Page 4 – 1970s–2003: refugee groups
Chilean refugees, 1974–81
New Zealand accepted 354 of the thousands of Chileans who fled their country after the army’s overthrow of the Allende government in 1973. They were the first refugees assisted by New Zealand’s Interchurch Commission on Immigration and Refugee Resettlement. The commission was founded in 1976 to work with the government on refugee resettlement.
Soviet Jews and Eastern Europeans, 1974–91
Small numbers of refugees from the Soviet Union and other European countries under Soviet domination settled in New Zealand from the 1970s until the downfall of the Communist governments of Eastern Europe. They included:
- 335 Soviet Jews
- 507 refugees under the Eastern European quota
- 292 Poles who fled Poland when it was under martial law, 1981–83.
Refugees from the Middle East, 1970s–90s
People fleeing persecution and wars, including the Iran–Iraq war, began arriving from the Middle East in the 1970s. A group of Baha’i refugees from Iran arrived in 1979. Between 1987 and 1989, a further 142 Iranian Baha’is settled in New Zealand.
Assyrian Christians who had escaped from Iraq to refugee camps in Greece started arriving in the mid-1980s – around 140 refugees came between 1985 and 1989. Others from the Middle East included Iraqi soldiers who deserted after the 1991 Gulf war.
South-East Asian (Indochinese) refugees, 1975–94
The Vietnam War and its aftermath led to thousands of Vietnamese risking voyages on overcrowded, scarcely seaworthy vessels to escape from Vietnam. Some of these Vietnamese boat people came to New Zealand. Cambodians and Laotians also fled invasion, repression and persecution. Between 1977 and 1993, 5,200 Cambodians, 4,500 Vietnamese and 1,200 Laotians were accepted for settlement in New Zealand.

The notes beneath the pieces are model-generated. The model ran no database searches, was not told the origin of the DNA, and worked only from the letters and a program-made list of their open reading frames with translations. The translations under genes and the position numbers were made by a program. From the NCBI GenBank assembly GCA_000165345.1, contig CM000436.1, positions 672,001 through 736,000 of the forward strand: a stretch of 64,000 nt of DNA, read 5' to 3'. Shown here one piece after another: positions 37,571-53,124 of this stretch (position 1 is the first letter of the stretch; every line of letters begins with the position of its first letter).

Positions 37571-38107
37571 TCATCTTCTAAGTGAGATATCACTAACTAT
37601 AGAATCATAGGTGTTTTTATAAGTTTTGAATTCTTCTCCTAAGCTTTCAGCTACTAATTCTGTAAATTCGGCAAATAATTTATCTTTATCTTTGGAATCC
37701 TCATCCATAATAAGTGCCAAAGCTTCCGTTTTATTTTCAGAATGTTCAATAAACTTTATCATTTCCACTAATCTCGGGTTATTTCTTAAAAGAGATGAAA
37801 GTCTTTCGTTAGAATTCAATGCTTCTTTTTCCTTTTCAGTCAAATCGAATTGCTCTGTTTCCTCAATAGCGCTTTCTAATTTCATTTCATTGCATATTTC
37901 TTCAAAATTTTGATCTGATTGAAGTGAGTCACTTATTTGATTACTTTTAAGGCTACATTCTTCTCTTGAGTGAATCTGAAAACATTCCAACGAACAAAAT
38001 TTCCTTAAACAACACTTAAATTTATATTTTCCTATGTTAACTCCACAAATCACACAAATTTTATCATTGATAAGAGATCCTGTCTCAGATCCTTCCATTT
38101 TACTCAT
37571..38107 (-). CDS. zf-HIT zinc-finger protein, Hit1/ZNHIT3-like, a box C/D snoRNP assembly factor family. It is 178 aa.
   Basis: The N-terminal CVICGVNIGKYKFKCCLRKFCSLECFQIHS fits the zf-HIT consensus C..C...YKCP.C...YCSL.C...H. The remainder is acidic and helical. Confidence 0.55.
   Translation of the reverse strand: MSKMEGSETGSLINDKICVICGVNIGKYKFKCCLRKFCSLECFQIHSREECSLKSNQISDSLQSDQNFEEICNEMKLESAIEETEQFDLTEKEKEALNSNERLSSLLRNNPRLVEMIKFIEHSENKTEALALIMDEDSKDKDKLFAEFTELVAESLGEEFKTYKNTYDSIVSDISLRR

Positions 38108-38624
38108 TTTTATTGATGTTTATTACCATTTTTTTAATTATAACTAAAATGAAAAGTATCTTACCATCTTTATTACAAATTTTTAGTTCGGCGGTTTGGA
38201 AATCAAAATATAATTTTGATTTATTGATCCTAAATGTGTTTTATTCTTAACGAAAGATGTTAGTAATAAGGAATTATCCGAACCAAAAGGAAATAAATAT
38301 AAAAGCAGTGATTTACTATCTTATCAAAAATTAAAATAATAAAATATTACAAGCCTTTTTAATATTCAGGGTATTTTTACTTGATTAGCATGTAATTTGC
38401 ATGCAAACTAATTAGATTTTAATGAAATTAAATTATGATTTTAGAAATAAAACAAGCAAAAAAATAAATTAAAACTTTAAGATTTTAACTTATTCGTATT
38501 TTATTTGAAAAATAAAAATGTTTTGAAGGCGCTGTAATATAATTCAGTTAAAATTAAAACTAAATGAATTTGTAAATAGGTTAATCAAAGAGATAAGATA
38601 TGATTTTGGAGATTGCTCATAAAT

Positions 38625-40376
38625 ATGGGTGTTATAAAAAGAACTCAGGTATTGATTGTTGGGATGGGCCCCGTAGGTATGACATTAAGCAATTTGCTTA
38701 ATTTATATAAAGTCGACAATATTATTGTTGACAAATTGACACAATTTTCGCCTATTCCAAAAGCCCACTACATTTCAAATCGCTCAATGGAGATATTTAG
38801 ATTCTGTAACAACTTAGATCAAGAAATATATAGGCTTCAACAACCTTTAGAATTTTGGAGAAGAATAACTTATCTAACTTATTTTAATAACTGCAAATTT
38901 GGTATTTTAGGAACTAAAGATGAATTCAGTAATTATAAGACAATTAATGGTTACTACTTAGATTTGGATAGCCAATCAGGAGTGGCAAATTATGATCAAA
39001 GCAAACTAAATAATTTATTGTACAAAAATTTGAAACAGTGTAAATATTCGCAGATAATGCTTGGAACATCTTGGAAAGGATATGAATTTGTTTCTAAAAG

Diverse arrivals, 1992–2003
Small groups of refugees entered New Zealand in the late 1990s and early 2000s. They included 94 Somalis who had fled civil war, drought and famine between 1992 and 1994. These were the first people to come to New Zealand from Africa in significant numbers. By 2006 there were 1,857 Somalis in New Zealand. Some had arrived as refugees, and others had emigrated under the family reunification scheme. From 2000 to 2003, around 1,800 Zimbabweans fleeing government persecution were granted permanent residence.
Among the Afghan refugees rescued by the Norwegian freighter Tampa were several teenage boys, who had made their escape without their parents or siblings. They were eventually admitted to New Zealand. ‘I want to stay here,’ said one. ‘I want to be here forever. But I want to be in Afghanistan too, but only if there is going to be peace.’ He had had no contact with his family. ‘I am worried. … It’s difficult to be without family.’ 1
Bosnian refugees arrived in New Zealand between 1992 and 1995, after conflict in the former Yugoslavia resulted in the biggest refugee crisis in Europe since the Second World War. In 1998–99 the government agreed to accept about 600 displaced people from Kosovo.
In the late 1990s small groups were accepted from a range of countries including Ethiopia, Eritrea, Iran and the Sudan. About 130 refugees from Afghanistan who had been on board the ship Tampa were accepted for settlement in 2001, after Australia made it difficult for them to stay in that country.